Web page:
They went to war and won the battle - that was the call from ANZ Netball Championship winners Waikato-Bay of Plenty Magic as they touched down in Auckland yesterday afternoon.
And they make no apologies for "winning ugly" because they got the job done in a game two of the most senior Magic players rated as their "toughest ever".
"Hands down," said a beaming Irene van Dyk.
"It was brutal out there - the toughest game of the season - and I'd probably go so far as saying it was the toughest game of my career."
Her sentiments were echoed by goal defender Leana de Bruin, whose sterling defensive effort earned her the player-of-the-match gong.
"It was a tough battle but we expected nothing less and at the end of the day we came out on top," de Bruin said.
Emotional franchise chief executive Sheryl Dawson thanked the fans for meeting the team at the Auckland International Airport arrivals hall.
"To see these people here cheering for the girls who have worked so hard - I've never had this before in my life and it is just so special," she cried.
"We want to thank the fans not only from our region but the entire country for their support and wishes leading into last night's game - it's been incredible.”
This morning Dawson will be working on the final plans for two civic receptions that will held in Hamilton and Tauranga on Thursday. "We plan to hold events in both cities and we will make those plans public as soon as possible."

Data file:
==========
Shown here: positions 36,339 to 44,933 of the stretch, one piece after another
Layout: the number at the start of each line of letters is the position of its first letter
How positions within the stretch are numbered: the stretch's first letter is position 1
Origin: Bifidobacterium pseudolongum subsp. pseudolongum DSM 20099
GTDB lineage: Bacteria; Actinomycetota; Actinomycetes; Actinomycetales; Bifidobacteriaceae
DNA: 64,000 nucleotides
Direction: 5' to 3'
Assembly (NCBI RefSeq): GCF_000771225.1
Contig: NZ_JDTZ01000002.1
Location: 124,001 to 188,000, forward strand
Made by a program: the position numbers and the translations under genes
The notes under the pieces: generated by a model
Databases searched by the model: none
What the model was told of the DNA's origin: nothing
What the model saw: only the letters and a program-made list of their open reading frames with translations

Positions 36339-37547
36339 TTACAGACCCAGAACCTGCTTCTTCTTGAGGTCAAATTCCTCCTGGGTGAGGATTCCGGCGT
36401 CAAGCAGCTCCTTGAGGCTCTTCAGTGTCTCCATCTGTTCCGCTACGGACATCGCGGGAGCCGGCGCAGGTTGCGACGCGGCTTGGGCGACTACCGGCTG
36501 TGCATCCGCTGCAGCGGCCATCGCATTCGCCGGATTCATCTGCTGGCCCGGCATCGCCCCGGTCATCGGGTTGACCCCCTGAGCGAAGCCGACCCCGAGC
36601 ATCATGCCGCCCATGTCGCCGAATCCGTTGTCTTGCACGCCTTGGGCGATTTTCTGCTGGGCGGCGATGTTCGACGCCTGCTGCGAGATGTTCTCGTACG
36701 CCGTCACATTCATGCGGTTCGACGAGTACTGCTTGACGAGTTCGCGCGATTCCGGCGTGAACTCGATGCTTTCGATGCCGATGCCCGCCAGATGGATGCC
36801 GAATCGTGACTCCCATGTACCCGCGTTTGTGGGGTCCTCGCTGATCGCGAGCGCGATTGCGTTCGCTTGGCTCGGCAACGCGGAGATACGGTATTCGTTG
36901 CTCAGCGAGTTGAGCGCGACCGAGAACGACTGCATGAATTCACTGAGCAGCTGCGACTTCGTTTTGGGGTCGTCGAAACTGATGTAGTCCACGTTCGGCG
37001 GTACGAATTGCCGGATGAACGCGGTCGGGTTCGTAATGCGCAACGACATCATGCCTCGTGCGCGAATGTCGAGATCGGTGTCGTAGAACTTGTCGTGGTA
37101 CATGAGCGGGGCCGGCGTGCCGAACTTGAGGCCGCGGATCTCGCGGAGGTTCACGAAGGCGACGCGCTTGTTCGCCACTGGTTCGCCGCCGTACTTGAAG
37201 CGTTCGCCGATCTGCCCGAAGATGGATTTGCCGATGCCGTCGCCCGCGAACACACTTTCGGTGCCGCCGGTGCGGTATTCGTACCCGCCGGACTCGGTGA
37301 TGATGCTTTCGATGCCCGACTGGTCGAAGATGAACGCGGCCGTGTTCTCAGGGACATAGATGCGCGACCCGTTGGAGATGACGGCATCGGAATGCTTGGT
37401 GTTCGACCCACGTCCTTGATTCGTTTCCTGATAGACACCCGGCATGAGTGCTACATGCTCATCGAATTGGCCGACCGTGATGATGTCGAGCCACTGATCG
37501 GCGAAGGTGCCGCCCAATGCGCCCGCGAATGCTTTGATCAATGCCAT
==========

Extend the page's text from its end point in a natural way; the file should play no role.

Which will be an important end to a rollercoaster season, according to Magic captain Laura Langman, who yesterday acknowledged the support of the massive army of fans.
"You have no idea how much this win means to the team but it also means a lot to so many more people for a variety of reasons," Langman said.
"It's not only great for us, it's great for New Zealand netball and for women's sport - so we are very proud," she said.
Also proud were the parents of Jessie Waitapu who were part of a large contingent of Magic fans who travelled to Melbourne for the final.
Waitapu's father, Barry Taane, said the atmosphere was electric.
"There was such a big crew making so much noise, there were only three or four hundred of us but it felt like three or four thousand - you had to be there to experience it, it is something I will never forget," he said.
- © Fairfax NZ News
Can the Magic win tonight in Hamilton?